There’s an interesting column by Eddie Alterman at Car & Driver—I recommend reading the whole thing, but here’s some choice quotes:
…try to figure out what an IS F could possibly be doing next to an HS250h hybrid. Or why the LFA, a bona fide super-premium super-GT, looks like somebody’s old Supra that crashed into a JC Whitney parts warehouse…You’ll certainly leave wondering what it is that Lexus believes in.
The real answer to the question of Lexus’s product convictions is that it has none. It’s a fine mimic, but there’s no dynamic cohesion among its cars. However blasphemous this may sound to the car enthusiast, those great performance Lexuses represent the problem. They are elaborate ways of confusing the brand’s message and scattering its resources. What’s really killing Lexus is waywardness.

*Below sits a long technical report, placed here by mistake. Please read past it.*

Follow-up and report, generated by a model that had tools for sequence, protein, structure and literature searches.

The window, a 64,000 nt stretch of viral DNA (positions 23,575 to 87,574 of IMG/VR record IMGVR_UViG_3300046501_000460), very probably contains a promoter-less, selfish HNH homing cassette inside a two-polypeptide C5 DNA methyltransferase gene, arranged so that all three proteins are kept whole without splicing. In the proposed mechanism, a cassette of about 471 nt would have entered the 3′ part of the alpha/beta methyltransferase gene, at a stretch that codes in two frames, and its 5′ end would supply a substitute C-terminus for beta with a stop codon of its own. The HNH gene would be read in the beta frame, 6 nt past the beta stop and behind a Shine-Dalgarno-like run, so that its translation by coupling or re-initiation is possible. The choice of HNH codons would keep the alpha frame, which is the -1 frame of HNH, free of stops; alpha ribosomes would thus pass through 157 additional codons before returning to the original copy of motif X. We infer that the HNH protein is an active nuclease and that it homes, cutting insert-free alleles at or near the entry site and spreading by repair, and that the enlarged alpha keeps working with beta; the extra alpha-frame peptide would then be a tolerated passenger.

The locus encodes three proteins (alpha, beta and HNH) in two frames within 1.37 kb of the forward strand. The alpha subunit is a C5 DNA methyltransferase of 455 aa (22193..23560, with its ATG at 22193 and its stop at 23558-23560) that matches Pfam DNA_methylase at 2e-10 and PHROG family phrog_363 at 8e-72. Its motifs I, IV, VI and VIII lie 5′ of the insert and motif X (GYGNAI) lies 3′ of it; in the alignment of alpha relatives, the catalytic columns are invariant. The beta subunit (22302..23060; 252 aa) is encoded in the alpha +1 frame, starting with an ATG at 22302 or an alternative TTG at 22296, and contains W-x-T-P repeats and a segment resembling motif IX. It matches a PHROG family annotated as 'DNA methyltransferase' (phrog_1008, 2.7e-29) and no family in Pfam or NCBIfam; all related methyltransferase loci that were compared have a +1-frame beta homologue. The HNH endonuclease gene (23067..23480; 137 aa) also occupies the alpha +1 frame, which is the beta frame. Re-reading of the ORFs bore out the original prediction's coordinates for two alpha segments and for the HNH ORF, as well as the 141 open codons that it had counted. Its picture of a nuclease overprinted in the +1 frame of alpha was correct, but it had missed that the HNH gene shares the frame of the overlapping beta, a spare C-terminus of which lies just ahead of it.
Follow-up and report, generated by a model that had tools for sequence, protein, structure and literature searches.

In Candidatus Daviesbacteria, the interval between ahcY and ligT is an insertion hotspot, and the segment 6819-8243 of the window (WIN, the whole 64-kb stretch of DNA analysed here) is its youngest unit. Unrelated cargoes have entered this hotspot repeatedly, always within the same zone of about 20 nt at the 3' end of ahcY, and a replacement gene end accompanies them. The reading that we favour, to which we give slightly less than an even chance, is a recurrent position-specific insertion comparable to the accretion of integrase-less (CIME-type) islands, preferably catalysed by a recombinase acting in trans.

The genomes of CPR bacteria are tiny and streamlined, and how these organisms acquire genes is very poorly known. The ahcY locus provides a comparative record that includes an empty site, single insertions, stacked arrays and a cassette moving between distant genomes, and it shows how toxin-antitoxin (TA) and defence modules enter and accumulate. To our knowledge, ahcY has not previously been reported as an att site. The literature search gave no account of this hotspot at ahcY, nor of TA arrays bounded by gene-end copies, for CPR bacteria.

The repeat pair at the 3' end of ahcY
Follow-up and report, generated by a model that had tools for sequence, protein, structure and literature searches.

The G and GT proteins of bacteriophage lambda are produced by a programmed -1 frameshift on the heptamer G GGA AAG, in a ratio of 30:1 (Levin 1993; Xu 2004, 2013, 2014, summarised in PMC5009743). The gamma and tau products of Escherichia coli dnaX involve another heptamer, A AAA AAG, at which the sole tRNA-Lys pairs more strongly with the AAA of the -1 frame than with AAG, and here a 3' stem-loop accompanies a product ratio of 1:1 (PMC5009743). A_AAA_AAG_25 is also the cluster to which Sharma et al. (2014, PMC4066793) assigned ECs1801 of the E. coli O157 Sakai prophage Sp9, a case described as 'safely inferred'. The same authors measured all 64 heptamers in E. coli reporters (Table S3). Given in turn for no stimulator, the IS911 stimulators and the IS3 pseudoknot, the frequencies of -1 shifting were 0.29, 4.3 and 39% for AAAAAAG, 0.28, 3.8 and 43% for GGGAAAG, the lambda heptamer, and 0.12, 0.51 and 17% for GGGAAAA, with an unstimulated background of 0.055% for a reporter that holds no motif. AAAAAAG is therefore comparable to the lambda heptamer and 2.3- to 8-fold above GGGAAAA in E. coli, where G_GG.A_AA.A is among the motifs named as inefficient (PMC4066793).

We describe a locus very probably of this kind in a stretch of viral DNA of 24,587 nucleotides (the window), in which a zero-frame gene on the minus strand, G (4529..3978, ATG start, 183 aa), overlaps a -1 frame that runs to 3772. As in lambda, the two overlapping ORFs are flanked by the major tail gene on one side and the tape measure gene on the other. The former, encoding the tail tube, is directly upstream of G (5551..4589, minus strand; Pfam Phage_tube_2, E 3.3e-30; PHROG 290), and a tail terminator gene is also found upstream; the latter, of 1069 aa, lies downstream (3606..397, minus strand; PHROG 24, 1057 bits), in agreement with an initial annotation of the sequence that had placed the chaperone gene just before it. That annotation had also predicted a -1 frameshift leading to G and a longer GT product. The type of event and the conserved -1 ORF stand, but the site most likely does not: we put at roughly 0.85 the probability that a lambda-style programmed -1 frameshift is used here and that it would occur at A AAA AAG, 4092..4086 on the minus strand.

A business, especially a luxury-car business, should stand for something more than just best practices and profit taking. A great car company needs its own animating idea, expressed through the entire product line—a spirit that holds the enterprise together.
What I find most interesting about Alterman’s column is that he almost gets it—it’s right in front of him, but he takes a wrong turn and ends up at the wrong conclusion.
The answer is here in this audio interview with Lexus Head for Global Design, Simon Humphries:
Mr Humphries’ comments are strictly broad strokes, but there’s a lot that can be taken away—particularly when he says “Lexus is about changing, or redefining, the luxury experience”.
This sentiment is the very essence of the brand, the “animating idea” that Alterman is looking for. It’s the common thread that ties every Lexus model together. Alterman mistakes it for a “fine mimic”—Lexus is not copying, they’re improving.
It’s the pursuit of perfection.
It explains the very first LS 400 as much as it does the IS F or LFA, and it’s the reason behind every vehicle in the lineup. Most importantly, it’s been the brand’s slogan since its introduction in 1989—I’m surprised Alterman didn’t know about it.